theory and Tiwanaku. Much of his rationale was founded on his interpretation of
the carvings on the face of the 'Sun Gate'. This ten tonne slab of beautifully
carved Andesite, a local rock, now stands in the northwestern corner of the Kalasasaya.
This may not be its original position and certainly, when the first photographs
were taken in the late 1800's, the arch was broken.
Sun Gate of Tiwanaku
frieze of carved 'Winged Figures' covers the lower part of the gate and is arranged
around a central image of what is often called 'T'he Weeping God'. This god is
believed to be the 'Creator', variously called Thunupa or Viracocha, sometimes
Ticci Viracocha. The 'Viracocha' version of the name probably arrived with Inka
mythology when they annexed the area in the 14th century AD. Modern researchers
have many suggestions for the meaning and not all agree.
it is the frieze that attracted the attention of Hans Bellamy and he put forward
the theory that it was a unique calendar. He was not the first to suggest a calendar
theory but his intepretation was extraordinary. He concluded that the Tiwanaku
year was only 290 days.
Bellamy also suggested that the frieze symbols also refer to the phases and eclipses
of a satellite, larger than the moon that once circled the earth, So back to girdle
tides - 'the deluge' and the creation myths of the ancient Tiwanakans. Not to
mention the underlying idea that somehow Atlantis could not be far away.
output of ideas, theories and evidence has never been surpassed. Indeed it has
been largely overlooked in recent years but it is there for anyone to read.
He wrote 'Built Before The Flood' 1953 , ' and with Peter
Allan 'The Calendar of Tiahuanacu' 1956 which contains many detailed
drawings of the frieze, and 'The Great Idol Of Tiahanacu' 1959. Earlier
Bellamy wrote 'The Atlantis Myth' for which The Times of London Literary
Supplement said 'Mr Bellamy makes a speciality of unriddling myths....' All
were published by the British publishers Faber and Faber.
in the 1960s Tony Morrison, then a camerman-director and Mark Howell
a writer were producing documentary films for the BBC. Mark's account of the
journeys made with a colleague Allan Reditt who later became a Reuters correspondent,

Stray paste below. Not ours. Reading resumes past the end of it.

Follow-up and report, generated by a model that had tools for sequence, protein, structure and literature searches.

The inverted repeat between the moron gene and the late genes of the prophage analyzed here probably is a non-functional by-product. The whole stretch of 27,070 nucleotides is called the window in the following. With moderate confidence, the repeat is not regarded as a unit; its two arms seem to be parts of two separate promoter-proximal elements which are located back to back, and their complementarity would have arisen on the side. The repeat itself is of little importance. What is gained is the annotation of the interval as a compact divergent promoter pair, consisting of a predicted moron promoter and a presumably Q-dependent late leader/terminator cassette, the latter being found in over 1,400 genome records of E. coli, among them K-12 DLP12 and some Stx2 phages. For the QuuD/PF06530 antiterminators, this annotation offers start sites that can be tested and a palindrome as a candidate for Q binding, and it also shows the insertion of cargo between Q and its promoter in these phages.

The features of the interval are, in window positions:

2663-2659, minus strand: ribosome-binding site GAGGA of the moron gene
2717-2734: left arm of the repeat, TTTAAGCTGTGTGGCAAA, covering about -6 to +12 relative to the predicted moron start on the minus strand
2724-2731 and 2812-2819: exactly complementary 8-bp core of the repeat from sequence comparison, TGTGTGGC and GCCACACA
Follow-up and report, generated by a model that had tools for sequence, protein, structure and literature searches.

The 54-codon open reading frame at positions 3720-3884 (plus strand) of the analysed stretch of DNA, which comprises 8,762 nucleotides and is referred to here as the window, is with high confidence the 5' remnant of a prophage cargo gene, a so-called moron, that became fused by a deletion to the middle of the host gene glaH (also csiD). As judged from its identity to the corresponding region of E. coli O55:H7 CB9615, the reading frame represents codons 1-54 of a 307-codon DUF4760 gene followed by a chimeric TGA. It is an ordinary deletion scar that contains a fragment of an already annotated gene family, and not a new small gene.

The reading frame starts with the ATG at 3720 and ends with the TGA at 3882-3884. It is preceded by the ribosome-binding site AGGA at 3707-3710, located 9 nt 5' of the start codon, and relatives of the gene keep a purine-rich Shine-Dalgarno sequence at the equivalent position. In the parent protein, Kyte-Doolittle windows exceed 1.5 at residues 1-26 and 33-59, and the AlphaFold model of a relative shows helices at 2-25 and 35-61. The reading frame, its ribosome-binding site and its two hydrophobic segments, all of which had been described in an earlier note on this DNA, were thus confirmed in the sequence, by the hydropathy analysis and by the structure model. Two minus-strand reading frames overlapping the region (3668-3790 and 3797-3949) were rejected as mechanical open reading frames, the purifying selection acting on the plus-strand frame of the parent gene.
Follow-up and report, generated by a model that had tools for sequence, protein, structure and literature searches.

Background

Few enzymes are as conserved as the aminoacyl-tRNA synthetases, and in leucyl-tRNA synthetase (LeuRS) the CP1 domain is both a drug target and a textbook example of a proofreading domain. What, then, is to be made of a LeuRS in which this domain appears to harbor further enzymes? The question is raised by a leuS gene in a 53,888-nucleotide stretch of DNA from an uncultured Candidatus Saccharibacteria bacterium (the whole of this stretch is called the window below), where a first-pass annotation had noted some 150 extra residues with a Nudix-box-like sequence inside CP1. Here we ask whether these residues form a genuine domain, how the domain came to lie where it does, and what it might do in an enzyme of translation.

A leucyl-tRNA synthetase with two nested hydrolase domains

can be found in 'Journey Through A Forgotten Empire', 1964, published
by Geoffrey Bles, London. This book contains a resumé of Hans Bellamy's
Tiahuanacu Calendar interpretation. Tony and Mark made several journeys to Bolivia
together and among television topics they considered was the 'Mystery of Atlantis'.
They prepared a dossier
that has remained closed for thirty years. Among the people who were interviewed
were Alicia Posnansky, wife of Arturo Posnansky, Brian Fawcett, the younger son
of the famous British army colonel who disappeared in the 1920's when searching
for ancient cities in Brazil. Colonel Fawcett, like others at the time felt that
there was truth behind the Atlantis myth. (His explorations began in Bolivia)
And finally, Tony and Mark interviewed Egerton Sykes whose passion for the 'unknown'
has become legendary. Part Two of 'THE BOLIVIAN ATLANTIS' will look at
the contents of this previously unpublished dossier and at evidence amassed by
of the most recent searches took explorer Colonel John Blashford-Snell
from Lake Titicaca southwards via the River Desaguadero to Lake Poopo. His discoveries
and conclusion are described in his book 'Kota Mama'. The southern lake
which was once part of a far larger body of water has dried considerably in recent
years but around the edges Aymara Native Americans still live, largely in their
traditional way. They
are not the only survivors from past times and in this arid and often bleak part
of the Andes Mountains some legends live on.
Atlantis exist below the waters of this shallow Bolivian Lake and what will be
found there? Treturn to our index